When something goes wrong while government agencies are carrying out their public service tasks, the first step they need to take is to find out what happened and put things right.
After that, the agencies must share the lessons learnt with one another. But the most crucial step is to evaluate how the mistake could have been prevented.
"More important than playing defensive is the need to make sure that our systems are in place to pre-empt problems," Trade and Industry Minister Chan Chun Sing said in Parliament yesterday.
Such problems may be hard to predict, "but that's our challenge - that's the high benchmark we need to set for ourselves if we aspire to be a public service that Singapore and Singaporeans can be proud of".
Mr Chan, the Minister-in-charge of the Public Service, was responding to Nominated MP Anthea Ong, who asked what steps the authorities were taking to restore public confidence following a recent spate of lapses by public service providers and government agencies.
Even as the Government determines who is responsible when a problem occurs, he said the public service will question if it could have trained a person better, or changed processes to take into account human factors and prevent such mistakes from happening in the first place.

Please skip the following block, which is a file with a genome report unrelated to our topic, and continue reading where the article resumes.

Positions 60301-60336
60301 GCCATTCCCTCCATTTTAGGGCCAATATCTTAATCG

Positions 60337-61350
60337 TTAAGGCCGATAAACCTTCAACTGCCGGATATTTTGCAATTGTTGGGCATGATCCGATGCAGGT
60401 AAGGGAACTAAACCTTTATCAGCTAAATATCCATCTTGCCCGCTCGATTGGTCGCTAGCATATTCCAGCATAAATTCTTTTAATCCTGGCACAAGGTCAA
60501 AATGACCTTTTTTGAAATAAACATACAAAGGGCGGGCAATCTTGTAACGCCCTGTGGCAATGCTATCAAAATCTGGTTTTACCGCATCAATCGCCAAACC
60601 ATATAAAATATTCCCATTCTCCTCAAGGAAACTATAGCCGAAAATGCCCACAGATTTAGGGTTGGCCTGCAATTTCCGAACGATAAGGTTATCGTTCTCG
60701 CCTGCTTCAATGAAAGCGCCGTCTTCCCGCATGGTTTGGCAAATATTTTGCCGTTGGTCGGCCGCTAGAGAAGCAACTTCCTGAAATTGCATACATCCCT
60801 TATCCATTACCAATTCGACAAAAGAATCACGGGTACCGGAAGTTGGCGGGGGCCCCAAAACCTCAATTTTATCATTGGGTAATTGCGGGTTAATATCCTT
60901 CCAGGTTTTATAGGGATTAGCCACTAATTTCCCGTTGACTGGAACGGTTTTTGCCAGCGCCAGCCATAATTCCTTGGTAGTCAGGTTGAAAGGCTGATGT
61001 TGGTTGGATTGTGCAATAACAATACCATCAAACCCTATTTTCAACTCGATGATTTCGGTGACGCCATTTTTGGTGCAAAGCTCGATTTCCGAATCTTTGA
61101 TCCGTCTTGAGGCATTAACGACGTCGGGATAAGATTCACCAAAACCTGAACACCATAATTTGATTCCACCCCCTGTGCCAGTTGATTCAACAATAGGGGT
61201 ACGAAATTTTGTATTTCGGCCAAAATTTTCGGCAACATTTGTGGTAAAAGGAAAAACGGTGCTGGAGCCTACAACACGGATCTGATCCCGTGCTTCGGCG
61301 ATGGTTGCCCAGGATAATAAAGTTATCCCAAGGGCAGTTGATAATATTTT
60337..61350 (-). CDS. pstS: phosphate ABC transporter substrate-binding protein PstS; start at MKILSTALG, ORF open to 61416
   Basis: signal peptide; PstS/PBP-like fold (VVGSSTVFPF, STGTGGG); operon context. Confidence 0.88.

"We owe it to ourselves... to get things right and to prevent things from going wrong in the first place because it gives us no joy to say that we are able to recover from mistakes fast," he said.
Earlier in his speech, Mr Chan spelt out the high aspirations the public service had set for Singapore, including ways to encourage innovation and work on ambitious, long-term projects like the proposed Tuas Terminal, which is to be ready in the 2040s.
"These projects help to create a more vibrant Singapore and a better home for future generations of Singaporeans," he said. "Our public service cannot just try to play defensive to uphold the existing systems. We expect more from our public service - constantly thinking of breaking new ground to take our country forward amid the stiff competition."
He, however, cautioned that sometimes, things will not go according to plan. When that happens, the public service will work hard to fix the mistakes, he said.
In reiterating points made by Finance Minister Heng Swee Keat last month, Mr Chan said that having "integrity means we need to take responsibility and be accountable at every level for what went wrong".
He said: "If we do not address the mistake head-on at the respective levels, but choose to indiscriminately sack staff or leaders every time something goes wrong, then we will have a weaker system over time."
Such a system would also discourage the public service from trying new things. "That will be the biggest mistake and disservice to our nation," he added.